Page 1

The Canadian defense indusTry - MarkeT OppOrTuniTies and enTry sTraTegies, analyses and fOreCasTs TO 2017 http://www.aarkstore.com/reports/The-Canadian-Defense-Industry-MarketOpportunities-and-Entry-Strategies-Analyses-and-Forecasts-to-2017-224359.html Browse for More Related Reports through below Link : -

http://www.aarkstore.com/search/viewresults.asp?search=The %20Canadian%20Defense%20Industry&PubId=&pagenum=1 The Canadian Defense Industry - Market Opportunities and Entry Strategies, Analyses and Forecasts to 2017 The Canadian Defense Industry - Market Entry Strategy to 2016: Market Profile The Canadian Defense Industry - Market Attractiveness and Emerging Opportunities to 2016: Market Profile The Canadian Defense Industry - Industry Dynamics to 2016: Market Profile The Canadian Defense Industry - Defense Procurement Market Dynamics to 2016: Market Profile The Canadian Defense Industry - Competitive landscape and Strategic Insights to 2016: Market Profile The Canadian Defense Industry – Market Opportunities and Entry Strategies, Analyses and Forecasts to 2016

Homeland security market expected to grow at a CAGR of 8.01% from 2013-2017. London, August 28th, 2012 – The Canadian DND’s budget was US$15.22 billion in 2008, which grew at a CAGR of 6.98% during the review period (2008-2012) to reach US$19.94 billion in 2012. The strong growth was due to the CFDS, which details the country’s defense expenditure for a 20-year period, beginning in 2008. The strategy was formed to counteract the impact of the defense budget cuts in 1999, which significantly damaged Canada’s defense capability, leaving equipment obsolete and the armed forces inefficient. Cumulatively, Canada spent US$95.39 billion on defense during the review period and this is expected to increase to US$109.15 billion over the forecast period (20132017) (reference graph below).


25

25% 20%

20 15

10%

10

5%

) (% te a R

15%

) b $ S r(U itu d p x E s fn e D

-5%

0

h w o rG itu d p x E s fn e D

0% 5

-10% 2008

2009

Def ense expenditure (US$ bn)

2010

2011

2012

Def ense expenditure growth rate (%)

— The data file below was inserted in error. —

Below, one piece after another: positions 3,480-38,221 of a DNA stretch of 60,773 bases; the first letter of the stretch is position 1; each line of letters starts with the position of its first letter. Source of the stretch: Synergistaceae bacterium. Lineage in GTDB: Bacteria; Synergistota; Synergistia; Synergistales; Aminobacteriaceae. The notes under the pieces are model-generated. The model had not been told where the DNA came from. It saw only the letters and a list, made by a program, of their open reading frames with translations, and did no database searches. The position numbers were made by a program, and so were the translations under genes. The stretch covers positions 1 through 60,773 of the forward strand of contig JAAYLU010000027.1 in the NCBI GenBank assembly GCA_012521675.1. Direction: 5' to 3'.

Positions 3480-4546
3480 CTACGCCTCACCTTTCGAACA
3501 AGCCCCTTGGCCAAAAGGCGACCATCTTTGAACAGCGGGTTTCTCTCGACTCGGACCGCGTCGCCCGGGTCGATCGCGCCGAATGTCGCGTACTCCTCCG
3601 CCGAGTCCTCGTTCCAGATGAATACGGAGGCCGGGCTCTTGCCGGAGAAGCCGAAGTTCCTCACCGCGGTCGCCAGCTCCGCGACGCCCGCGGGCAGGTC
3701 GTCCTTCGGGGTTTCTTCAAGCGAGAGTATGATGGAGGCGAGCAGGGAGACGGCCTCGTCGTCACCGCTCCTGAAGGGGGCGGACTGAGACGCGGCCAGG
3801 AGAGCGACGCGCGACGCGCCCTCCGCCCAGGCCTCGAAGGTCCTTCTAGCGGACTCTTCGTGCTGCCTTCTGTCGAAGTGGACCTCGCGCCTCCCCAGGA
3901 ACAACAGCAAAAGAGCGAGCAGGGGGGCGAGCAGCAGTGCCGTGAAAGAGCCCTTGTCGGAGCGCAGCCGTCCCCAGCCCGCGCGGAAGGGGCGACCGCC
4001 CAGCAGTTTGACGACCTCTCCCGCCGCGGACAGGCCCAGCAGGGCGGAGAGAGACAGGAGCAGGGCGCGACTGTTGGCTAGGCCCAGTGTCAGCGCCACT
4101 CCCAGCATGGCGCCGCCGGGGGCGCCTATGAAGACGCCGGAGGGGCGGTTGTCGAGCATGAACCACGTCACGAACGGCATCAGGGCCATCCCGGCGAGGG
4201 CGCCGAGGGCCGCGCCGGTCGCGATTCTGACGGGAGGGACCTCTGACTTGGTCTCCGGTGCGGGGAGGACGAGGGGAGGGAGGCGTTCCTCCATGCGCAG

The purpose of the Canadian defense offset program is to provide conditional trade guidelines that demand a certain level of offsetting measures, such as technology transfers, joint ventures, strategic alliances, investments in domestic industry, product or marketing licenses, small business developments, and access to global supply chains when acquiring weapon systems or equipment from foreign companies. The Canadian government also encourages contractors to form publicprivate consortiums to research new technologies. To encourage participation, an IRB credit multiplier of five is applied on the value contributed by the prime contractor and the amount contributed by the industry. Investments made by non-Canadian investors in the Canadian defense industry are reviewed by the assigned authorities to analyze the benefits to Canada’s economic growth. This is based on parameters such as the effect on levels of economic activity, employment, resource processing, the utilization of parts and services produced in Canada, exports from Canada, technology, production, competition, product innovation, and Canada’s competency in world markets. The threshold for investments made by members of the World Trade Organization (WTO) stands at US$570 million in enterprise value, and is expected to rise to US$950 million over a four-year period. About ICD Research ICD Research is a full-service global market research agency and premium business information brand specializing in industry analysis in a wide set of B2B and B2C markets. ICD Research has access to over 400 in-house analysts and journalists and a global media presence in over 30 professional markets enabling us to conduct unique and insightful research via our trusted business communities. Through its unique B2B and B2C research panels and access to key industry bodies, ICD Research delivers insightful and actionable analysis. The ICD Research survey capabilities grant readers access to the opinions and strategies of key business decision makers, industry experts and competitors as well as examining their actions surrounding business priorities. About Strategic Defence Intelligence Strategic Defence Intelligence's unique monitoring platform tracks global defence activity for over 2,500 companies and 65 product categories in real time and in a highly structured manner, giving a comprehensive and easily-searchable picture of all defence industry activity. The site features: daily updated analysis, comment and news, company and customer profiles, defence spending, tenders and contracts, product and technology intelligence, a research and analysis database providing access to industry and competitor reports to enable business and market planning, and fully customizable tools, including instant personalized report generation and custom alerts.